Case histories
Chocolate Directive
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    This case is about the decision-making process preceding the adoption of a directive on cocoa and chocolate products. The aim of the directive is to approximate the national legislation of the Member States on these products and thus to promote the working of the internal market. The directive will replace the old directives on the subject. The legal basis for harmonisation legislation is Art. 95 EC. In this article, the co-decision procedure of Art. 251 EC is indicated as the procedure to be followed for the adoption of acts.

    The procedure began with a proposal, initiated by the Commission on 17 April 1996, specifying, among other things, that Member States may allow on their territory the production of chocolate consisting of a maximum of 5% vegetable fat other than cocoa butter. This is already allowed in seven EU Member States (Austria, Denmark, Finland, Ireland, Portugal, Sweden, and the United Kingdom).

    The list of ingredients on the packaging must indicate that other fats have been used. Chocolate products that meet these criteria may freely circulate in the Union under a number of prescribed names, including "chocolate". Producers that only use cocoa butter may explicitly state this on the packaging. Furthermore, a programme will be developed to check whether producers meet the criteria.

    Next, as provided in Art. 95 EC, the Economic and Social Committee is consulted. On 31 October 1996, the ESC gave a positive opinion on the Commission proposal. However, the Committee did make a number of comments. It considered the implementation period of 36 months too short and pointed out that all people from a particular language area did not use the product names proposed by the Commission.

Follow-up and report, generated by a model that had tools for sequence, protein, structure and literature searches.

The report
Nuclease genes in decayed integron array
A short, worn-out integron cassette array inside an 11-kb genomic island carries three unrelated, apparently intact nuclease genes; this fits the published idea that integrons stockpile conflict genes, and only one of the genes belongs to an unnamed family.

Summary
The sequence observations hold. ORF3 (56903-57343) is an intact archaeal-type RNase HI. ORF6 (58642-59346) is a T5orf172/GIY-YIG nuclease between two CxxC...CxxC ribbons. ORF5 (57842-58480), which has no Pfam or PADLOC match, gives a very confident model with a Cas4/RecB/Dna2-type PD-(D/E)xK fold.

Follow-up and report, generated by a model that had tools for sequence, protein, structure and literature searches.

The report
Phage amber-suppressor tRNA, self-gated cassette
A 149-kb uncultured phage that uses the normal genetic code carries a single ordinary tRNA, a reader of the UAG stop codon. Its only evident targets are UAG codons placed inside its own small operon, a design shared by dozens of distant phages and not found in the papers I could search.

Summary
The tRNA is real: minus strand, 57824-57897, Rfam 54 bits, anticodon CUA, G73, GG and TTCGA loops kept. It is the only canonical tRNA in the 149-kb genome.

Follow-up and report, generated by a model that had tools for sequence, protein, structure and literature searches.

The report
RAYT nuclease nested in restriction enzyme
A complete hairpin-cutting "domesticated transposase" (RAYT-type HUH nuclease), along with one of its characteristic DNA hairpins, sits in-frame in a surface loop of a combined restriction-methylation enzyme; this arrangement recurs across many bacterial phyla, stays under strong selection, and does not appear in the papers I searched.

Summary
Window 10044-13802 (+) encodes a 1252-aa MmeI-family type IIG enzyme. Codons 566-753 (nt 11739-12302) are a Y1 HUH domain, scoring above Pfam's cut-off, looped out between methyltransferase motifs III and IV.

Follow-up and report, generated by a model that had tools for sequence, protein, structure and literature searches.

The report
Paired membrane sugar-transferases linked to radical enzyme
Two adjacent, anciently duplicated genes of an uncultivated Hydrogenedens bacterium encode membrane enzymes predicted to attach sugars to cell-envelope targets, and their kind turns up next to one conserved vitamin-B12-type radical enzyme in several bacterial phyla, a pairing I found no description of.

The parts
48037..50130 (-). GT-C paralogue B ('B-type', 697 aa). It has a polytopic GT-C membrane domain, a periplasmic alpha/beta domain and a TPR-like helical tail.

The proposal was sent to the European Parliament, where it was dealt with by the Committee on the Environment, Public Health and Consumer Protection. The rapporteur of this Committee formulated a report that was discussed and approved by the Commission on 8 October 1997. It was then sent to the plenary meeting of the Parliament.

    On 23 October 1997, the plenary meeting of the Parliament adopted the report of the rapporteur, thus amending the proposal of the European Commission.

    The Parliament agreed that chocolate products with other fats than cocoa butter should be able to circulate freely, not just among the seven Member States, but in the entire Union. However, it preferred to postpone implementation until a method had been developed to monitor compliance with the directive. In the Parliament´s opinion, the list of ingredients must indicate the quantities of other fats and the packaging must contain a statement that the product contains fats other than cocoa butter at the top of the packaging and at the top of the list of ingredients.

    The Parliament would only allow tropical fats (without enzymatic processing) in chocolate.

    The United Kingdom and Ireland wanted to continue to use the name "milk chocolate" instead of "milk chocolate with high milk content", but the Parliament has rejected this option. Furthermore, the definition of an Italian chocolate product (gianduia) was adapted.

    The Parliament proposed that the European Commission explore, before 1 January 2002, what effects the directive would have for the producers in Third World Countries.

    On 4 March 1998, the Commission submitted a modified proposal. Under the new proposal, the Commission adopted the new definition of giandua as proposed by the Parliament. It also changed the proposal in the sense that a statement must be printed on the front of the product separate from the list of ingredients, to the effect that the product contains fats other than cocoa butter. However, the Commission did not wish to specify the exact location of this statement. Furthermore, the quantities of other fats do not need to be listed among the ingredients.

    Ireland and the United Kingdom were allowed to continue to use the term "milk chocolate". The wish of the Parliament that the other fats only be tropical fats, not obtained through enzymatic processing, was not adopted.